As a result, DL firms now have more deals to choose from and can charge higher spreads and obtain more protections. For example, DL firms can now obtain more covenants—including those requiring certain financial ratios to be maintained and also those restricting collateral movement—as well as push for less leverage in transactions. Recent elevated buyout valuations have been a concern in the market. However, Figure 3 suggests that while purchase price multiples in buyouts have risen in recent years, debt levels have stayed relatively constant, as higher equity contributions from sponsors have bridged the gap. In the current market, managers are reporting that leverage in newly structured loans is 0.5x to 1.0x lower than at the end of 2021.
Comparing Direct Lending and Broadly Syndicated Loans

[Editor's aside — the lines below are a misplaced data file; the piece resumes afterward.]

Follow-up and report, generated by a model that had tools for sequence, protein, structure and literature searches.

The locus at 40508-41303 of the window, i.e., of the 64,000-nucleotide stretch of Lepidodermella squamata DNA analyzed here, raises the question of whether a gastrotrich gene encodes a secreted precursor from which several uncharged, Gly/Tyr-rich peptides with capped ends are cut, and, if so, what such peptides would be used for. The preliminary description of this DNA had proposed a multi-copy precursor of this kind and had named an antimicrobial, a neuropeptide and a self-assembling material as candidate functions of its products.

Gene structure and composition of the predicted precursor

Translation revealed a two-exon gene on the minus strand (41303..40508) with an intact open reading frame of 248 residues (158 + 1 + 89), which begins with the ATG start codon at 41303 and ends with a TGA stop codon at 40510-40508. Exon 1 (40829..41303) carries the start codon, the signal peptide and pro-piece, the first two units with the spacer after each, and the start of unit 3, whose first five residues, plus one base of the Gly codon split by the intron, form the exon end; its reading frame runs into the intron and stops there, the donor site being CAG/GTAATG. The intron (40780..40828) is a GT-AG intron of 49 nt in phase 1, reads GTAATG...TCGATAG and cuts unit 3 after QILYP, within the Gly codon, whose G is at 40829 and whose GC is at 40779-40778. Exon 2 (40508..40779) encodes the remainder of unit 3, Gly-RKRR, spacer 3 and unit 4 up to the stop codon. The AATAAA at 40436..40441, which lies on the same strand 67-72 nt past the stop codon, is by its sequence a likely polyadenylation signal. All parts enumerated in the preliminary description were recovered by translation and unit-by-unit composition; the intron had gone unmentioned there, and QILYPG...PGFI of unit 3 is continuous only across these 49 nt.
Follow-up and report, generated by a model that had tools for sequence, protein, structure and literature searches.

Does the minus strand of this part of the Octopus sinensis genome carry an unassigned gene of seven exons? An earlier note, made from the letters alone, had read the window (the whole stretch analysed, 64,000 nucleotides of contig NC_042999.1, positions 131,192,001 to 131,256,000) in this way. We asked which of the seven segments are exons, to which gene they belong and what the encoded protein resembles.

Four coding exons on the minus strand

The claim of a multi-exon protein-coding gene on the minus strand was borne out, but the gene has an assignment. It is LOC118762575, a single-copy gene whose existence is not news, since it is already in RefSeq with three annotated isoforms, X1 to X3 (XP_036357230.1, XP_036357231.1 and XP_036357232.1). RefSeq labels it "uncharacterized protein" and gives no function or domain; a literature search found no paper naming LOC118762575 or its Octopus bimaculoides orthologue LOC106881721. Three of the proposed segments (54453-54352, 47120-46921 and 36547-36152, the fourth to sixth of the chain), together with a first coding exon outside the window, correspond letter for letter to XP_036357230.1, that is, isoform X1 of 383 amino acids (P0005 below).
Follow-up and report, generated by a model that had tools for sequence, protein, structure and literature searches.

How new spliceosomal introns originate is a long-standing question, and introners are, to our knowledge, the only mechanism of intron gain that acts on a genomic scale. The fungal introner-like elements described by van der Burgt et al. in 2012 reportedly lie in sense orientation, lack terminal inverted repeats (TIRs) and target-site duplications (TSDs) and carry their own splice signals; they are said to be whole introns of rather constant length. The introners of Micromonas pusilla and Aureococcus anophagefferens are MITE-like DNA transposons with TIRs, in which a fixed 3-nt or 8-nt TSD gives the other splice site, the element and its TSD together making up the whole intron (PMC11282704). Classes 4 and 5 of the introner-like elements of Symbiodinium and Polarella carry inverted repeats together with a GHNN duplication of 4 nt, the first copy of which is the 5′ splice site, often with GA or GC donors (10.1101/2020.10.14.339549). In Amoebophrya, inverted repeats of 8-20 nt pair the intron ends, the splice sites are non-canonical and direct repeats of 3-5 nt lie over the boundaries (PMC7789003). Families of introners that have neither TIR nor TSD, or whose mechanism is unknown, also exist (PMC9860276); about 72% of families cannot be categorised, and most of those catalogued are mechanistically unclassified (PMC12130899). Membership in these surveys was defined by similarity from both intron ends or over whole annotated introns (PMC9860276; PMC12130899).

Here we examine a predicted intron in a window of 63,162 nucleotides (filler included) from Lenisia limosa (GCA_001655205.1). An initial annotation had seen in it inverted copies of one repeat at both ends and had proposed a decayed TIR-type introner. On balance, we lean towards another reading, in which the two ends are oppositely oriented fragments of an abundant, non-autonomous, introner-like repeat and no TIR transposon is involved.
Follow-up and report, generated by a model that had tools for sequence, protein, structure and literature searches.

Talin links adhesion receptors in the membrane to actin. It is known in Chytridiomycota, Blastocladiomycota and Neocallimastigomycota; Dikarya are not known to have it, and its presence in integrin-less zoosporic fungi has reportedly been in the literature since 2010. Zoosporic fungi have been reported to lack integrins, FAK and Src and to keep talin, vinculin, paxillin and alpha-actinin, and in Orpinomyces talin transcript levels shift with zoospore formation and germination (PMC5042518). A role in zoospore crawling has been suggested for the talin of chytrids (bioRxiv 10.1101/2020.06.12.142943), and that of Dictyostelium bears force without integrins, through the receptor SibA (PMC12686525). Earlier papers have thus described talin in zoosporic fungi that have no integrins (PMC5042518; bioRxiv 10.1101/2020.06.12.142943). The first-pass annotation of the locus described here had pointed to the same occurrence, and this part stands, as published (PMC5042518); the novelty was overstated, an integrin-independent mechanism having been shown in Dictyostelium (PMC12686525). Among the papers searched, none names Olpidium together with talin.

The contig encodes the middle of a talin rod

We believe that an allocation to direct lending is more attractive than the BSL market due to better terms, better pricing, and less mark-to-market volatility. Putting aside the size of the underlying borrowers (which, in direct lending, has historically been $100 million or less in EBITDA, though this is changing), there are several key differences between direct lending and BSLs. One is the documentation referred to earlier. Private loans tend to include more protections for investors, while BSLs will typically have no financial maintenance covenants (cov-lite) and often lack important structural protections, such as allowing the movement of collateral to unrestricted subsidiaries.